Monday, January 26, 2009

The Action Star Stare

If you want to be an action star, you need to perfect "The Stare". Consider this "Blue Steel" for asskickers. Luckily, Target was nice enough to have a line-up of three such looks lined up for comparison.

Blue Steel for asskickers

Saturday, January 24, 2009

Libris Hiatus

I own a lot of books. Too many. I've read a lot of them but there are literally hundreds that I haven't cracked the cover on. Yet, I keep buying and I need to stop!

Even today I picked up two new books. They were used, yes, but I still don't think I should be spending money on books to add to the pile when I have so many I haven't even touched. So, that's it. I'm putting a stoppage on my book buying until I read at least two hundred of the books I currently have.

Note that there are at least 322 books (at the moment) in my "want to read" list and that's not even fully up to date with everything I own, have borrowed, or have downloaded as an audiobook. I should be able to stay busy for a while if my willpower holds out. Wish me luck!

Thursday, January 22, 2009

Is Time Malleable?

I'm still fascinated by Daniel Faraday's journal. I wrote a bit about this before. Below are some screencaps from the first episode of the fifth season.

A lot of these images are too small/blurry for me to make out much of the text. I'm hoping that other folks will be doing that for the Lostpedia. However, note that the "If anything goes wrong, Desmond Hume will be my constant" inscription has changed and is on an entirely different page than it was originally shown.

Because You Left

The Constant

In a show where continuity is key and there's little left "to chance" (or so we're lead to believe), it seems that this error is deliberate. It would also seem to imply that Faraday's statements about being unable to change the past or the future are just for the tourists. I would venture to say that Faraday doesn't have another page in his journal with the same "Desmond Hume will be my constant" statement but, rather, he wrote it on two different occasions, meaning that time is malleable.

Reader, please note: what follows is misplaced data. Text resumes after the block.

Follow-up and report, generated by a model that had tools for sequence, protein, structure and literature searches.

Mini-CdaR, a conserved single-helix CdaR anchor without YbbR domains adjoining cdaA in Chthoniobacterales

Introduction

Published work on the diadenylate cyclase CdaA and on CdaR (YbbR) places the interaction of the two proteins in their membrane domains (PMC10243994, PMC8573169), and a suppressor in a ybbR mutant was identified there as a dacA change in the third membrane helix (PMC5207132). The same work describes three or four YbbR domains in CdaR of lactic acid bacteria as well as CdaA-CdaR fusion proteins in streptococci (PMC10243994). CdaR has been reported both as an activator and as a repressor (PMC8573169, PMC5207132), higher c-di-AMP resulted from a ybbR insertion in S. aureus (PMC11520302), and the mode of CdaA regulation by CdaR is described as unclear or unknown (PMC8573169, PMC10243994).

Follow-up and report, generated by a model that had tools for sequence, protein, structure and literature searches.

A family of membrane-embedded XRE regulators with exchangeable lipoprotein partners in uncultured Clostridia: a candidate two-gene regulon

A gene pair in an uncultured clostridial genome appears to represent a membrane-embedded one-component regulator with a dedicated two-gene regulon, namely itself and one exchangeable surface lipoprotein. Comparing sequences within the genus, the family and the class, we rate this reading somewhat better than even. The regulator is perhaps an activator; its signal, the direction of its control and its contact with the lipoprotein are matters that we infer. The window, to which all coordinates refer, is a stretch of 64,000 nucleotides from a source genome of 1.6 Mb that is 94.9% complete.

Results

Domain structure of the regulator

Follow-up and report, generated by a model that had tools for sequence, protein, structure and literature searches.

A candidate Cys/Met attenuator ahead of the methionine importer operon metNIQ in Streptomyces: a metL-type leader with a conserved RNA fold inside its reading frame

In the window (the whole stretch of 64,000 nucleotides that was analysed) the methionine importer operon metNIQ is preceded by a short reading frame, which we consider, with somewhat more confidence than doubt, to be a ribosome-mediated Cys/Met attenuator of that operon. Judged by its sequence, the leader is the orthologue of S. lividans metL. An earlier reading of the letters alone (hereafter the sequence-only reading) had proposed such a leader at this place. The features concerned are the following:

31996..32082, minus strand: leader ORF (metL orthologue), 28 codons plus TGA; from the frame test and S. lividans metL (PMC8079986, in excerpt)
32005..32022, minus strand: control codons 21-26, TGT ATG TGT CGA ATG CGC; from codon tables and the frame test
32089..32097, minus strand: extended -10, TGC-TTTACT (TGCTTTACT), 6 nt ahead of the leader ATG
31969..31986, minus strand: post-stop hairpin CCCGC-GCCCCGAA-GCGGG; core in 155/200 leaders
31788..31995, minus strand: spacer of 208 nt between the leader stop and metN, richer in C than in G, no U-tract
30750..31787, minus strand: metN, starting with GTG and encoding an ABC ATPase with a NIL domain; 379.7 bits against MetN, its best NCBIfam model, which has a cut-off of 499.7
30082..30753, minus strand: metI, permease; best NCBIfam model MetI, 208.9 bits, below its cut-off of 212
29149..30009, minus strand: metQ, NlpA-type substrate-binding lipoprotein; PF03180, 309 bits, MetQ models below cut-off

Serial Killer Organ Donors

That serial killer has an organ that can save a little boy! That's the premise for the next episode of Gray's Anatomy. That also was the premise for the 1998 film Desperate Measures.

Gray's Anatomy

Desperate Measures

Monday, January 19, 2009

Friday, January 16, 2009

Like a Sci-Fi Reeses Cup

"You got your Doctor Who in my Star Trek!"
"You got your Star Trek in my Doctor Who!"

Thursday, January 15, 2009

New Pieces Online

It's a good day to be me... Got a couple pieces posted today:

Enjoy! And be sure to Digg it if you're a power user. LOL.

Wednesday, January 14, 2009

13 Worst Films I Saw in 2008

Rather than calling this the "13 Worst Movies of 2008," I had to put in the "I Saw" caveat. There were a lot of films I avoided like the plague and since I'm not in the pocket of any major (or minor) studios, I wasn't about to plunk down my hard-earned cash on a lot of crap like The Happening, 88-Minutes, or any insipid romantic comedies. That said, here are my personal picks for the worst films I suffered through in 2008:

13. The Day the Earth Stood Still - Casting Keanu Reeves as a charmless alien was a stroke of genius. It's the role he was born to play. Otherwise, there's little other intelligent life to be found in this ill-conceived remake of the classic sci-fi film. Even worse than the lack of resolution to the lame "you'd better start recycling or the world will end" plot was the presence of Jaden Smith. Playing the bratty stepson of scientist Jennifer Connelly; I wanted to strangle this kid.